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Google The Almighty Buck Technology

Eric Schmidt To Sell Up To 42% of Stake In Google 183

Posted by timothy
from the that's-a-lot-of-google dept.
derGoldstein writes "AllThingsD reports that Eric Schmidt 'plans to sell up to 3.2 million shares of his class A common stock in the company,' according to an SEC filing. 'The amount is equal to approximately 42.1 percent of his overall stake in Google.'"
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Eric Schmidt To Sell Up To 42% of Stake In Google

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  • by G3ckoG33k (647276) on Sunday February 10, 2013 @09:35AM (#42849577)

    I doubt this has anything to do with any bad news
    for Google. It is my guess Schmidt just wants the
    money here and now. Totally understandable.

  • by lucm (889690) on Sunday February 10, 2013 @09:50AM (#42849633)

    > Increasing wealth at one pole, increasing misery at the other.

    This has nothing to do with capitalism. This has to do with the government raising taxes aimed at the middle class since the rich can move and the poor can't pay. Decade after decade the middle class shrinks while prices go up, taxes go up and the government becomes like a pimp managing tired older whores.

    When both political parties give the government's ATM card to lobbies and spend trillions on what they think will get them elected again it appears that there is no hope.

    There is only one solution: become rich or become poor.

  • by Anonymous Coward on Sunday February 10, 2013 @10:13AM (#42849775)

    Did you do the math? If it sold at the current share price, that's over $2,500,000,000.00. I don't think I'd worry about interest with that kind of scratch. Even at 0% that's enough money for 500 people to live well for a lifetime. Stock can't normally be used to buy stuff.

  • by Anonymous Coward on Sunday February 10, 2013 @10:17AM (#42849789)

    Um, almost $800 per share. Anyone who thinks it hasn't peaked can just look at Apple, who is now a litle more than half that - when they were equal just a matter of months ago. Hell yes now is the time to sell. The bump will happen to Google, too, and its stock will drop and that much of a shit is huge money when talking about millions of shares. Not scary news, just smart money keeping smart money.

  • by Anonymous Coward on Sunday February 10, 2013 @10:26AM (#42849833)

    So you want a system where everyone is pulled down to the same level? Where hard work isn't rewarded? Schmidt gets too much for what he's contributed? Perhaps - OK, then how much is too much? Who decides?

    I personally know some dirt poor people. Some of them are hard working but unlucky or got a bad start in life (would be my guess), some are hard working but dirt poor because they made a mess of things when they were younger (drinking, not doing their school work, losing jobs through their own doing, etc), and some of them are just plain lazy. And in most of these cases, if you give them a million dollars today, they won't have anything left by next year this time.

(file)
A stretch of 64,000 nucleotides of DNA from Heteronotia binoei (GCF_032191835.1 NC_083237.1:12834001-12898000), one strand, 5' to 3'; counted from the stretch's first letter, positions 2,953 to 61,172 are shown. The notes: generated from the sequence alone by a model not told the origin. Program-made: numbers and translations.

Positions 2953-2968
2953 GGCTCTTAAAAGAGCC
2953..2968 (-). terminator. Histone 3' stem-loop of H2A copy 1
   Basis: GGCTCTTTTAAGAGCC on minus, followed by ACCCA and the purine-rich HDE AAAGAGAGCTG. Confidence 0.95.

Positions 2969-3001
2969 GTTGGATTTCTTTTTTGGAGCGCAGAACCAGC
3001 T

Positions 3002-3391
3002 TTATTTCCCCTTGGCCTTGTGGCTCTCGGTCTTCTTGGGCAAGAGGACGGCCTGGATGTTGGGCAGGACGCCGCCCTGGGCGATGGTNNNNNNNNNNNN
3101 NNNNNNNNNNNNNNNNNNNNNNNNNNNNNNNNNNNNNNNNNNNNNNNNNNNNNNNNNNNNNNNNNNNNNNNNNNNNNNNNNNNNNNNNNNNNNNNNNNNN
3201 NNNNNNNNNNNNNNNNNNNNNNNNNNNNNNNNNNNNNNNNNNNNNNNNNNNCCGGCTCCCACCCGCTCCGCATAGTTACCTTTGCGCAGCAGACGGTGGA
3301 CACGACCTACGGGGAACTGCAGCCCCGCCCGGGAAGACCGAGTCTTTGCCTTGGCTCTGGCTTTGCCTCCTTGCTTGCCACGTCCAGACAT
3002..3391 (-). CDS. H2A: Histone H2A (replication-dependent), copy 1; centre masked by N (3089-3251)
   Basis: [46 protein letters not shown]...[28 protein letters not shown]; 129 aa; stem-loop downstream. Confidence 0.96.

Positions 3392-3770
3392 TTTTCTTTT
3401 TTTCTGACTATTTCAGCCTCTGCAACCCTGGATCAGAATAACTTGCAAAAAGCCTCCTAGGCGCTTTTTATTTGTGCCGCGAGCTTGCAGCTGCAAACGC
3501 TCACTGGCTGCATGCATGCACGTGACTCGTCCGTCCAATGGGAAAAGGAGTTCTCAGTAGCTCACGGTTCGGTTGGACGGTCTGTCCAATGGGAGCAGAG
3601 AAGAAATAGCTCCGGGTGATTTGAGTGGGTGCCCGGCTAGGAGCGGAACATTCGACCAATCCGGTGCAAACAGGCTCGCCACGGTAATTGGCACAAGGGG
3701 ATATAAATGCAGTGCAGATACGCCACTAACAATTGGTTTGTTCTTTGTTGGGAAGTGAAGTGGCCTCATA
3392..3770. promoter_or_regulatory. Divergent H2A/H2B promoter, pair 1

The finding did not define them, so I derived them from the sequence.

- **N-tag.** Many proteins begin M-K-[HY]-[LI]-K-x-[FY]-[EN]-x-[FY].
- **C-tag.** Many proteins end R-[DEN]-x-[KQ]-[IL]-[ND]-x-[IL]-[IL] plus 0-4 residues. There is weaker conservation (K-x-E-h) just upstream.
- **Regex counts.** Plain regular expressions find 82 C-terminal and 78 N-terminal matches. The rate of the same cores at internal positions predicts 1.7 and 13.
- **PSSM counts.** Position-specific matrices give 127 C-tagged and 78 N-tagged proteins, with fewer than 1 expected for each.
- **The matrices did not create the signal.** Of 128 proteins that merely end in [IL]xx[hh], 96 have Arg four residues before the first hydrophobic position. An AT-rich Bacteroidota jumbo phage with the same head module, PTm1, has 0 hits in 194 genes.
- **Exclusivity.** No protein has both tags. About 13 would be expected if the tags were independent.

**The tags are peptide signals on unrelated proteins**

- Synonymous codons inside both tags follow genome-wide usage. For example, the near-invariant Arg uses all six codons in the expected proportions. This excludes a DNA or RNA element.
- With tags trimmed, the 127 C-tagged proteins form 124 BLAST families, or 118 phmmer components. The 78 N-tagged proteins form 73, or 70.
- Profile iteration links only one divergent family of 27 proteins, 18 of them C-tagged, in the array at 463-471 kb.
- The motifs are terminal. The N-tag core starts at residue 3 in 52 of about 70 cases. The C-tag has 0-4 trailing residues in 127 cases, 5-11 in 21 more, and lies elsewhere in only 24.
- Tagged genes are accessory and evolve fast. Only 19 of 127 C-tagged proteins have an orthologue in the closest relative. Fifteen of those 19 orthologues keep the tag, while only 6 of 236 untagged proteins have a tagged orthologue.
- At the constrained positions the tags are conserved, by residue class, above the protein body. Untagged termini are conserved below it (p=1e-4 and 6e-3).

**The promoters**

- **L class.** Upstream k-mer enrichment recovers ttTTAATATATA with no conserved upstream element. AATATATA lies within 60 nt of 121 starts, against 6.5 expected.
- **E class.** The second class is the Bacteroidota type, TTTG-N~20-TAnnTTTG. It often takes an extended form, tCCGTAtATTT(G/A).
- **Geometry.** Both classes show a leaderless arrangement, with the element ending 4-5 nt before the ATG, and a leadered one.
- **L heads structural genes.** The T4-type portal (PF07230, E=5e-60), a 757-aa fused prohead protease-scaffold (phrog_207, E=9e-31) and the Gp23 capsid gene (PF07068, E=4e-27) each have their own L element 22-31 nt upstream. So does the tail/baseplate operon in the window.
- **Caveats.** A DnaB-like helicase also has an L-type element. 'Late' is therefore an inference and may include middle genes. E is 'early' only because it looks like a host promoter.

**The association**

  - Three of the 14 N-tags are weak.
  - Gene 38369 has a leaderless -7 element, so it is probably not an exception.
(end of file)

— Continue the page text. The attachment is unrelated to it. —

• by Anonymous Coward on Sunday February 10, 2013 @10:37AM (#42849901)

    Except that US taxes have been trending down for 30 years, and wages have not kept up with inflation.

  • by Anonymous Coward on Sunday February 10, 2013 @10:45AM (#42849933)

    Actually, there's a third solution. You may not have thought of it.

    If wealth condensation were an unstoppable force, it would have run to completion thousands of years ago and there would never have been a middle class in all of recorded history. Clearly there is some counteracting force. Something which we haven't since... let's say 1945.

  • by morcego (260031) on Sunday February 10, 2013 @10:52AM (#42849961)

    Yes, because there's no poverty or starvation in Marxist countries at all right?

    Nah. It is just that in Marxism, everyone is equally poor.

  • by Anonymous Coward on Sunday February 10, 2013 @05:18PM (#42852835)

    One big problem with our tax system is that it taxes work far more than wealth. Tax rates on earned income are high, taxes on dividends and capital gains are low. So a very high-paid individual (think good actors, sports figures, etc.) who may bring in $10 million of annual earned income gets taxed at ~50%, while someone who collects $10 million in dividends annually gets taxes at 15%. And the larger tax on work extends way down into middle class incomes, where it constrains people much more than it does my hypothetical high earned-income worker.

    I would like to try it the other way around for a bit, or at least bring the two rates nearer one another. Haven't the time to push the numbers, but I wonder what the revenue implications would be if we taxes earned income, dividends, and cap gains all at 25%. There's probably a more balanced mix of rates that would bring in plenty of revenue and ease the disproportionate tax burden on work.

Opportunities are usually disguised as hard work, so most people don't recognize them.

Working...